Financial advisors who work in rural areas often find themselves to be among a small group of advisors vying for a relatively small pool of clients. In the city, the market is much bigger and the competitive field is much more crowded.

The main challenge for urban advisors is to make sure their marketing efforts are focused on their target audience, says Richard Heft, executive director of Ext. Marketing Inc. in Toronto. To avoid getting lost amid a sea of advisors, you should strive to build the strongest brand possible.

Here are five tips for marketing in a competitive urban environment:

1. Create a value proposition
Keep your message laser-focused, so potential clients will know exactly what you stand for, Heft says. For example, if you want to expand your work with doctors, market yourself as “The Doctor’s Advisor.”

“As your business matures,” Heft says, “you want to focus on your areas of strength, but don’t close the door on other opportunities.”

For example, you may be particularly good at generating retirement income, but give yourself some leeway so you don’t limit your client base.

2. Utilize networking opportunities
Advisors in rural areas often emphasize their community involvement. The urban equivalent is having a presence at networking events. Luckily, there should be plenty to choose from.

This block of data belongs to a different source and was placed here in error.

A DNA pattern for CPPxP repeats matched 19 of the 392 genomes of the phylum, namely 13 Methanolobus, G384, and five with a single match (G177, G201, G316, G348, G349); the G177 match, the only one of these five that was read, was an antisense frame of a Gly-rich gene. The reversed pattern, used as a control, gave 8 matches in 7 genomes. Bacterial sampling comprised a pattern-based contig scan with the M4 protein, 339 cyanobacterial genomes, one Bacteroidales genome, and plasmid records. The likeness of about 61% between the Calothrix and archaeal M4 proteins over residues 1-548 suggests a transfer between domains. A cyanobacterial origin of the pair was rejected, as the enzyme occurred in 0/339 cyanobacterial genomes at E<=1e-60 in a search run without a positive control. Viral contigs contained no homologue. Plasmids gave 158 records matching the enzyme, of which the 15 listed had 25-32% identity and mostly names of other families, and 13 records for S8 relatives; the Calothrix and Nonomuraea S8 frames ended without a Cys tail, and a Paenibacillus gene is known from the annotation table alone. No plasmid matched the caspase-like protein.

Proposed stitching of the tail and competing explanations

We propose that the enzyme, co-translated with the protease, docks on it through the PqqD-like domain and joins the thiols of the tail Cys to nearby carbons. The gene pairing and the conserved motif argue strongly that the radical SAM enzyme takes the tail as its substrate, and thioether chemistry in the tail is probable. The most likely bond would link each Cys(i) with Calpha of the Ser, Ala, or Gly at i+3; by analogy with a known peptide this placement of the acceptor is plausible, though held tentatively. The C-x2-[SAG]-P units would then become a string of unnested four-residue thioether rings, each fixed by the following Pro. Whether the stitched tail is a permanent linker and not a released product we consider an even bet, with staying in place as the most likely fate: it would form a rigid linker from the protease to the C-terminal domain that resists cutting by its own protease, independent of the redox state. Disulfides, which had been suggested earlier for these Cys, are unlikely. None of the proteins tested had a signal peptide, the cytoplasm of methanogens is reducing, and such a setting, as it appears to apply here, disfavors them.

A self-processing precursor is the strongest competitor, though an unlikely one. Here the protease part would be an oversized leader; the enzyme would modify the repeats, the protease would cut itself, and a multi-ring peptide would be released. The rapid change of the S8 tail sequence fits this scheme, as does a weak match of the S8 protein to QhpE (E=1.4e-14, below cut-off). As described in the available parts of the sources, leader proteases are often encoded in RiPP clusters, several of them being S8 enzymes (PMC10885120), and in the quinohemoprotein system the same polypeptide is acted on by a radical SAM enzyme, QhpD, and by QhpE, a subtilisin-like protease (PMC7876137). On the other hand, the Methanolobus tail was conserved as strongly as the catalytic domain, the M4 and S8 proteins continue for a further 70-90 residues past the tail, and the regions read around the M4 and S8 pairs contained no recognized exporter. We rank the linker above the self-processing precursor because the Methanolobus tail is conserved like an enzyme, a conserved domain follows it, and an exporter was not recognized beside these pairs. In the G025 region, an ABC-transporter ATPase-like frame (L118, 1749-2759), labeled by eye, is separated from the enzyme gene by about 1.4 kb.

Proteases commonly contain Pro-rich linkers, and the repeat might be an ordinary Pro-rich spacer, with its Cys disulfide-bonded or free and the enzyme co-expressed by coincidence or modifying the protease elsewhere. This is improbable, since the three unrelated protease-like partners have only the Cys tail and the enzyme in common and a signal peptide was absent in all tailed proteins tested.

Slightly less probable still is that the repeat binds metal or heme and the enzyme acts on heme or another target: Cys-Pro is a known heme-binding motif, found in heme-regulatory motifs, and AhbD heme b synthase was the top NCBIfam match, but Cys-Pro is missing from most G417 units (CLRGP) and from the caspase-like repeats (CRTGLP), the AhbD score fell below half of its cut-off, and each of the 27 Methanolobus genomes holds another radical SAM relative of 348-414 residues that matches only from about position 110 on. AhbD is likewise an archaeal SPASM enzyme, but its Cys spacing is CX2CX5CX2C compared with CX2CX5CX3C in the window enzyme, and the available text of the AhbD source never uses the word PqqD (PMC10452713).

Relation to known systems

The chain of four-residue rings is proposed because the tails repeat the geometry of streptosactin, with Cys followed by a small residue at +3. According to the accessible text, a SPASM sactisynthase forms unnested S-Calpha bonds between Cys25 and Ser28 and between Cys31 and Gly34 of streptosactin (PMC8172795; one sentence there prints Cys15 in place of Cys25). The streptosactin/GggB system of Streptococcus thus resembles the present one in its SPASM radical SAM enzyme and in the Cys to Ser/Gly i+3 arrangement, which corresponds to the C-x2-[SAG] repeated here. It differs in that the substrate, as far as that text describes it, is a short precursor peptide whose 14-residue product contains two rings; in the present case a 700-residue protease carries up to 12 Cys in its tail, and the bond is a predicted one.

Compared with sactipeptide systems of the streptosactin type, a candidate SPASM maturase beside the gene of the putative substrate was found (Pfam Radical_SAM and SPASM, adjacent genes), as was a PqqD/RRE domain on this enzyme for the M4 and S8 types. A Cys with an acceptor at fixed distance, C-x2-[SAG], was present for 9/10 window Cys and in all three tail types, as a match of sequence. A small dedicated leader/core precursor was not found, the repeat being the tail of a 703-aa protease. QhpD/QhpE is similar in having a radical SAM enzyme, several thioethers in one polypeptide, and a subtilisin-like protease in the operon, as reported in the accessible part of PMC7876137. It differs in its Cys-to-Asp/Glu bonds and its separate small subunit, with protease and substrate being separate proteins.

Alternatively, you can host a presentation and call on your centres of influence for help, Heft says. That way, you can give your event more value by covering a couple of different topics and increase the number of attendees.

3. Tailor your communication method
Be flexible in the way you communicate with current and prospective clients. Many of your clients will have extremely busy work lives, so may wish to have most of their communication in digital form. For example, if your contacts spend most of their time online, Heft says, it makes more sense to send an e-blast newsletter than to mail out print copies.

4. Position yourself as an expert
While establishing a reputation as an expert takes time, you can positioning yourself as a subject-matter specialist in business media, says Andrew Broadhead, manager of communications at Ex. Marketing.

Once you’ve developed a particular expertise, you can build a media strategy for exposure that may involve writing articles and being vocal on social media.

5. Use online advertising
For a relatively low cost, you can experiment with advertising on LinkedIn, Broadhead says. Social-media advertising presents a growing opportunity for advisors, particularly because of the ability to target certain demographics.

“You can choose whose profile that ad is going to go in front of,” Broadhead says, “so it’s a way to stay focused on your goals.”

This is the second part in a two-part series on rural vs urban marketing.

Click here for part one.